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Subject: Why aren't grace points called hit points? rss

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Joshua Gottesman
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Okay, the grace points/hit points difference finally hit me when I re-read the rules. You can use grace points to avoid wounds. In fact, if you want to avoid a wound and don't have a grace point, you die. However, there are plenty of things that you can do that would normally cost you grace when you are zero grace. For instance, if you run into an event that has a consequence of "lose 1 grace" and you're at zero grace, there's no effect. If you have a skill like the acolyte's that says "roll 3 dice, but lose 1 grace if you roll a 1 on any of those dice", you can use it freely, since you can't lose grace if you're at zero grace.

Note that if you're at zero grace you can't use skills that say "Spend 1 grace to do XYZ", as you don't have the grace to spend. That's also why you die if you take a wound. You don't have the grace to spend to counter act it.

I'm sure Jeremy will tell me if I've totally screwed up this explanation.
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Jeremy Lennert
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All of that information is correct. You can't spend a resource unless you have it, but any loss beyond zero is ignored, because that represents something that specifically tries to take away that resource rather than the hero choosing to expend it for some benefit.

I ran into a curious issue regarding grace when playtesting Darkest Night. Most people seem to intuitively use secrecy correctly, and do the right thing in all the edge cases without specific instruction (e.g. a Rogue with 0 secrecy will ignore secrecy losses from Spies or the Necromancer, but won't try to use Ambush or Eavesdrop). Grace follows the same rules, but I found that when I told testers it was "basically hit points", they tended to play it incorrectly, having heroes die as soon as they reached zero and/or allowing them to die from "losing" grace. So I wanted to emphasize in the rulebook that grace is a pool of resources that you spend, not a measure of how healthy you are--in that way, it's like MP rather than HP.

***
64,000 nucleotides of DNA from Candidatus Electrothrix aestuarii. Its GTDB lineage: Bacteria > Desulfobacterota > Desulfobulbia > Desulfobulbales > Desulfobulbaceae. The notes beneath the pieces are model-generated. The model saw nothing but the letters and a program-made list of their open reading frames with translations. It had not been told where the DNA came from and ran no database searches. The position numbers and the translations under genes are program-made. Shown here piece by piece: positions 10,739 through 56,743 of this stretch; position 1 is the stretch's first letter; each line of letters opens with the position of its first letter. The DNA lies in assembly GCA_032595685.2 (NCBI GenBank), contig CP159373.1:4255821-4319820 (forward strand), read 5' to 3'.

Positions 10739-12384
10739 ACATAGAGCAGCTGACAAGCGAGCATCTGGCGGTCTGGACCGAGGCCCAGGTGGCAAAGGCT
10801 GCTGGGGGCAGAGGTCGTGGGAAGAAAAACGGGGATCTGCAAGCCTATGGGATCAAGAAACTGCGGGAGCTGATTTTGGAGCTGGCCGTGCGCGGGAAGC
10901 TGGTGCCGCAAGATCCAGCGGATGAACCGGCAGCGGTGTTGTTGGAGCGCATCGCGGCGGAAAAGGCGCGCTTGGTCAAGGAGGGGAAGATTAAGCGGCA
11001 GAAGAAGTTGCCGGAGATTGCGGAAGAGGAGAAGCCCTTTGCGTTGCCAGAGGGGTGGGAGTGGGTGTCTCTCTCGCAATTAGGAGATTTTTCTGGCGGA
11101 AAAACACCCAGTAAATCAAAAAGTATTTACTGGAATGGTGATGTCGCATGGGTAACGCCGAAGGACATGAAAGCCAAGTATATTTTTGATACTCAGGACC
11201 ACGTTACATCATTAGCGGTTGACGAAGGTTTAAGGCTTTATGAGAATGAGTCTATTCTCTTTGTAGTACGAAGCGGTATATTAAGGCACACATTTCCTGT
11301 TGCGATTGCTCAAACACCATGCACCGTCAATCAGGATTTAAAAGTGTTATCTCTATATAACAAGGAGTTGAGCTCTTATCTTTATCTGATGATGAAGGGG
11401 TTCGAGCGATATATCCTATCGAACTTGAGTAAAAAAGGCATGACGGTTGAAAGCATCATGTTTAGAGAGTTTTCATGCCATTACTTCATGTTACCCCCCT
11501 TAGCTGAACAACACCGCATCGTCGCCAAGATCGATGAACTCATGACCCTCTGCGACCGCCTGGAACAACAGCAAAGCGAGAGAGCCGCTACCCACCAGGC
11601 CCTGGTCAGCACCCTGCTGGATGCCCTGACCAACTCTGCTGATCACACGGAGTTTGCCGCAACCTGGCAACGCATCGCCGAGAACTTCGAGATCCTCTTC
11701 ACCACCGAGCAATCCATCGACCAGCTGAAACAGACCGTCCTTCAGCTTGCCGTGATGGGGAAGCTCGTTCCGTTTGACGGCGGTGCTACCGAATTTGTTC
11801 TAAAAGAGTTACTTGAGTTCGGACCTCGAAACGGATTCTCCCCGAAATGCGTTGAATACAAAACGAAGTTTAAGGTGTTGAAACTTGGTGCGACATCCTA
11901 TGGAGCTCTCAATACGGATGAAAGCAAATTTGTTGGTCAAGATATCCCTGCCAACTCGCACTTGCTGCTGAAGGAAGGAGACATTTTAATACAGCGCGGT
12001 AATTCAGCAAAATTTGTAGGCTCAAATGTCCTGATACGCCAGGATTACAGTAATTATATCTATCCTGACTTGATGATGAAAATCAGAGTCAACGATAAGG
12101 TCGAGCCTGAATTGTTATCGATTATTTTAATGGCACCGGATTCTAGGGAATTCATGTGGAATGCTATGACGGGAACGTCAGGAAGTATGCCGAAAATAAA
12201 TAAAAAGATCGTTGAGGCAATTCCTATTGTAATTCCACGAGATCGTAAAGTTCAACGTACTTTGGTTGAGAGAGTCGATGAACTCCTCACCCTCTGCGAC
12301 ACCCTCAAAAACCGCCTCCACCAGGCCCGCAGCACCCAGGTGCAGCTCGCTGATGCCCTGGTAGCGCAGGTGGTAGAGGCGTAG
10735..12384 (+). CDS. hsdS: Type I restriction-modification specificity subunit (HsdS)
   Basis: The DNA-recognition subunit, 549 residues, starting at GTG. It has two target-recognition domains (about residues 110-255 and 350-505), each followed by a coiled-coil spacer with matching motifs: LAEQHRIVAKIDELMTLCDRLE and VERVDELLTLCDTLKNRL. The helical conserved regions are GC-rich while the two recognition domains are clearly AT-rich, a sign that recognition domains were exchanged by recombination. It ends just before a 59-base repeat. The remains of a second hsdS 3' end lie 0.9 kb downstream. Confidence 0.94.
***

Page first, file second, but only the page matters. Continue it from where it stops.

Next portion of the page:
There's also a thematic angle, of course. Calling it "grace" rather than "hit points" naturally suggests a different set of ways that you can gain, lose, or expend it, which then informs the rest of the game. I think that an effect that takes away your "hit points" but doesn't harm you if you're already at zero is a bit difficult to imagine; an effect that leaves you alive but with no "grace" strikes me as easier to swallow. If you asked people to guess the hero with the most "hit points", I suspect most would pick the Knight; but the hero with the most "grace" is, of course, the Priest. And so on.
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